• Check calories.  This is an opportune time to reassess how much you’re feeding.  If your pet is overweight, you could save money and use less food by feeding less (and making your dog or cat much healthier)!  Talk with your veterinarian about the best way to slim your pet down.
  • Consider a reality check.  Does your pet really need to feed a diet with very limited ingredients or other specific properties?  There is a great deal of misinformation about pet food ingredients, and an over-diagnosis of food allergies, so your choice of pet food may not need to be so limited and you may have many more options than you think that your pet would thrive on.  Talk to your veterinarian about the best options for your pet.

What if your pet’s food is already out of stock?

  • Check online for availability through multiple websites of both large and small retailers or contact the manufacturer for information.  The manufacturer can sometimes direct you to a retailer or veterinarian that has the food in stock.
  • For dry food, it may just be a single bag size that is out of stock and a larger or smaller bag may still be available.
  • For healthy pets, a different flavor or for dogs, a different dog size (e.g., small breed vs. large breed) of the same product is usually a good alternative option. For pets with medical issues, check first because different flavors or dog size of the same product can have very different nutritional profiles.
  • Talk to your veterinarian for recommendations on an alternate diet that will meet your pet’s specific needs.  This is especially important if your pet has medical issues.  As noted above, it’s always best to plan ahead!
  • If your pet has medical issues and their usual therapeutic diet is unavailable, be sure to check with your veterinarian about any alternative options that a store or online retailer might suggest to be sure they’re safe and healthy for your pet.  While these recommendations may be well-meaning, they can sometimes be dangerous for your pet!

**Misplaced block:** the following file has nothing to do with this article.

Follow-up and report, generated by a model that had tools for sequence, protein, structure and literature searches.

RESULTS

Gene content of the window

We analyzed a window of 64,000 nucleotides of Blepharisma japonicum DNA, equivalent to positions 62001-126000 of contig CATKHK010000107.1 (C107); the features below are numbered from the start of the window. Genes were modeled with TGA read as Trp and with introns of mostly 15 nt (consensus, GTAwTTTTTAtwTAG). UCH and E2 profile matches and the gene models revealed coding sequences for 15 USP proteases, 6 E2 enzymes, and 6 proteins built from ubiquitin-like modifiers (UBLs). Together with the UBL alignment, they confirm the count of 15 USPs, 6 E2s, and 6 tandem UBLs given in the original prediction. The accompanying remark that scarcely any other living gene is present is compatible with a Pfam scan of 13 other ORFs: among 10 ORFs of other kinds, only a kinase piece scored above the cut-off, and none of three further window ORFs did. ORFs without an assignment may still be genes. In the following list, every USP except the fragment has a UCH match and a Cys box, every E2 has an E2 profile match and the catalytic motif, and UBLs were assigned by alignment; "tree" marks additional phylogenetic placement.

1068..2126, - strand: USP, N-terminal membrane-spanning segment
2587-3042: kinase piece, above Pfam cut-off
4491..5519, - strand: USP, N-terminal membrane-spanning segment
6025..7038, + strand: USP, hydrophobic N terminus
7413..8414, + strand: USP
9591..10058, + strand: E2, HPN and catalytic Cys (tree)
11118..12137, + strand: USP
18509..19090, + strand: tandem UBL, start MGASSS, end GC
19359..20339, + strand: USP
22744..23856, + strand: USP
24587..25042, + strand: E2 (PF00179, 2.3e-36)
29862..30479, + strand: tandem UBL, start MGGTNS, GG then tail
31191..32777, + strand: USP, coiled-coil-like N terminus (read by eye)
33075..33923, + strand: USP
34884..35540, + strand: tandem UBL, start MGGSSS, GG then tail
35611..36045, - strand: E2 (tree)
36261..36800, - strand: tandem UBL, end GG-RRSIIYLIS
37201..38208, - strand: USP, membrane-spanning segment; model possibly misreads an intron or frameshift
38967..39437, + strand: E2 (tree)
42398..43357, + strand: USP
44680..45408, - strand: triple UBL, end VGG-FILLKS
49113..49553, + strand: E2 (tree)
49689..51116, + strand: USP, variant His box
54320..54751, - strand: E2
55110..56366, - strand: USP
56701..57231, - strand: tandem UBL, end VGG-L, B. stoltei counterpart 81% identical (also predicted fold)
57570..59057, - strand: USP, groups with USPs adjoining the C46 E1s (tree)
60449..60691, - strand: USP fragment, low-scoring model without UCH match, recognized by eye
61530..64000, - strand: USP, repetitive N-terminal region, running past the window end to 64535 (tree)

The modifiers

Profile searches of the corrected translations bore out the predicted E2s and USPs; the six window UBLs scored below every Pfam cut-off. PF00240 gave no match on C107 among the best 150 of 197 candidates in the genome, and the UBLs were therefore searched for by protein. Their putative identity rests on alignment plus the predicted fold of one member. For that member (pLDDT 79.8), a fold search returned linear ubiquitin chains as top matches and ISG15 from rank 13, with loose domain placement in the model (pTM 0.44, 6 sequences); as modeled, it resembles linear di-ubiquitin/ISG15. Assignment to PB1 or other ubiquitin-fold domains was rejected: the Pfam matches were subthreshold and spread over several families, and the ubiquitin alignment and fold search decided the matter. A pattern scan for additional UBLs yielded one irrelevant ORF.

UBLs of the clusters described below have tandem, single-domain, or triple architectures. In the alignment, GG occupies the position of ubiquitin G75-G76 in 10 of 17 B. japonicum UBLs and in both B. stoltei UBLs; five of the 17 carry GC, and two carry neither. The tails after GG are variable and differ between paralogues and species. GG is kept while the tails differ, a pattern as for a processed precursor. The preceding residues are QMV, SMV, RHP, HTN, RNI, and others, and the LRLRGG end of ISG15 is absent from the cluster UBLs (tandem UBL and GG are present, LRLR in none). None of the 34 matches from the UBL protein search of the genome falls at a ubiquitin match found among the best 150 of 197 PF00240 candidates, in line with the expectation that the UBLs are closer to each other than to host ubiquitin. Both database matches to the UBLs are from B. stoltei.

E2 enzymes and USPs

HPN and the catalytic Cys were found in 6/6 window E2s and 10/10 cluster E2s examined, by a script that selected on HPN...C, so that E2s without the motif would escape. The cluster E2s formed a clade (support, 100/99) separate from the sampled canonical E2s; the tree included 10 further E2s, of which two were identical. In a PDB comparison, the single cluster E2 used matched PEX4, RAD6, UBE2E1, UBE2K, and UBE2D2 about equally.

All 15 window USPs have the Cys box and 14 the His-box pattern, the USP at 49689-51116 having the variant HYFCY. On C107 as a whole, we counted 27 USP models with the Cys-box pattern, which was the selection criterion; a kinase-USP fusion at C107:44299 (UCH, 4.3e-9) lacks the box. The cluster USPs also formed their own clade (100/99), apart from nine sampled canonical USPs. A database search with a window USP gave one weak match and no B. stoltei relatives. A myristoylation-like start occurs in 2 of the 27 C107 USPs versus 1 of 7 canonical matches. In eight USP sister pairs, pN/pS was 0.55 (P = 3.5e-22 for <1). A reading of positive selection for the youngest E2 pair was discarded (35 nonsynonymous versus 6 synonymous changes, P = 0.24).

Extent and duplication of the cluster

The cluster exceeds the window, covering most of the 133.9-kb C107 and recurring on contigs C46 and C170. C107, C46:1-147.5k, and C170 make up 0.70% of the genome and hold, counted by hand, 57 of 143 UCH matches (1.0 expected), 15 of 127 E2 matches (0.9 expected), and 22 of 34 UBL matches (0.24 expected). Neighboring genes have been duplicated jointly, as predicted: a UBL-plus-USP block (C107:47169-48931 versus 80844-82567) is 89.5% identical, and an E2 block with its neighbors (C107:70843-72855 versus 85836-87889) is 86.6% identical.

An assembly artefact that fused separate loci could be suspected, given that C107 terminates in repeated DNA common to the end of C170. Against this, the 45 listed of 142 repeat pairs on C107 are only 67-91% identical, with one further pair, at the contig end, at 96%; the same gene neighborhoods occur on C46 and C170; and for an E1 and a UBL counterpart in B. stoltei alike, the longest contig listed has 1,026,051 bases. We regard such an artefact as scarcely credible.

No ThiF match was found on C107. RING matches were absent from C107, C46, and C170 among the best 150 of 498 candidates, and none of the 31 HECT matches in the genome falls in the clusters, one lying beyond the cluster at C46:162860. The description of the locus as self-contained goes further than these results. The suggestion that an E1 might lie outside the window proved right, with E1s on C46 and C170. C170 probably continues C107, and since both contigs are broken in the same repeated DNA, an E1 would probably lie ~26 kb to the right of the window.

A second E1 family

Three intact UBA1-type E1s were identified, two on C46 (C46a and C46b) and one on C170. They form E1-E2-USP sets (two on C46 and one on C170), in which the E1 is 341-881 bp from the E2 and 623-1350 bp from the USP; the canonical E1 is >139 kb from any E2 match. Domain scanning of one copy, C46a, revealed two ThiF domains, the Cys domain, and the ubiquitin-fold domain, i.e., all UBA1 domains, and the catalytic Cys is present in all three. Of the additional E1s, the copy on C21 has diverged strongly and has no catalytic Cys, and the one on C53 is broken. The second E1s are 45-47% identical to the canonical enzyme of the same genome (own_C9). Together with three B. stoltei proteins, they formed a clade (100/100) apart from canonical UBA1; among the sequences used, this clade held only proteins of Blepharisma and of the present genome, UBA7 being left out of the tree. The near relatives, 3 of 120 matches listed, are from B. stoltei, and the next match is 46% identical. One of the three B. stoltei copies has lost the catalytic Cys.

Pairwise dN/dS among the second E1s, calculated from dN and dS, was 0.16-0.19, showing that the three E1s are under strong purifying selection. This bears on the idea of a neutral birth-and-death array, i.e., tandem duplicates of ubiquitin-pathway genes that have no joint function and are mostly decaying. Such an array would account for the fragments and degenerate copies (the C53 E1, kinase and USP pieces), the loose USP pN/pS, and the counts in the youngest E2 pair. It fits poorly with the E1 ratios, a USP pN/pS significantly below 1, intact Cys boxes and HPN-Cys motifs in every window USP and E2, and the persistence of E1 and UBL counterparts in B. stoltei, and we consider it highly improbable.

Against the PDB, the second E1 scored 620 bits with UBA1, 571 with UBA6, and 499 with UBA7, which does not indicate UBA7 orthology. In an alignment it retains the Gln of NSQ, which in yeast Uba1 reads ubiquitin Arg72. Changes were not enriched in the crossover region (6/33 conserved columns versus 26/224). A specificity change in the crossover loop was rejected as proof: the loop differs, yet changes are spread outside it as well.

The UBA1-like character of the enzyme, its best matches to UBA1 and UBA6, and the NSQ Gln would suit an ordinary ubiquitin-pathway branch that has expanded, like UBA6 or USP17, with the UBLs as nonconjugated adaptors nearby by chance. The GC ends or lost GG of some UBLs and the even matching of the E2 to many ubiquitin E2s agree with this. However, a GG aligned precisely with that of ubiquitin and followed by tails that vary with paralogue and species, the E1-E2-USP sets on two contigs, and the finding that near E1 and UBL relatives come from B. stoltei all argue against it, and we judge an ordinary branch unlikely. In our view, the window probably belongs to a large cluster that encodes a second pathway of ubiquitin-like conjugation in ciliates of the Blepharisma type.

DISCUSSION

• Know your pet. Some pets can switch from one diet to another “cold turkey” with no transition without any problems.  Others, however, need a much more gradual transition over 7-10 days.  If your pet is on the sensitive side, you’ll want to have a little extra cushion of food so you have time to change slowly
  • If you switch diets, check the calories of the old and new diets so you can match your pet’s previous calorie intake (if they are at ideal weight).  Pet foods vary widely in the number of calories in a cup or can so if you don’t adjust, you may end up under- or over-feeding your pet with the new food.  Many pet owners feed based on volume (two cups, regardless of the food), but it is important to keep in mind that a new food may differ in calories – sometimes dramatically!
  • Don’t cook your pet’s food unless you’ve considered all the pros and cons, are willing to work with a Board Certified Veterinary Nutritionist to get a nutritionally balanced recipe, and you’re willing to spend the time and money following that recipe exactly.

Hopefully, pet food availability issues related to COVID-19 will be over soon, but this last year has shown us the importance of planning ahead for your pet’s nutrition and overall health.

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Lisa M. Freeman, DVM, PhD, DACVN

Dr. Freeman is a veterinary nutritionist and a professor at Cummings School of Veterinary Medicine at Tufts University. She is on the cutting-edge of science, with hundreds of articles in prestigious journals, speaking engagements at national and international conferences, and awards for her scientific achievements. However, she also is passionate about providing objective and accurate information on pet nutrition to veterinarians, pet owners, and other animal enthusiasts.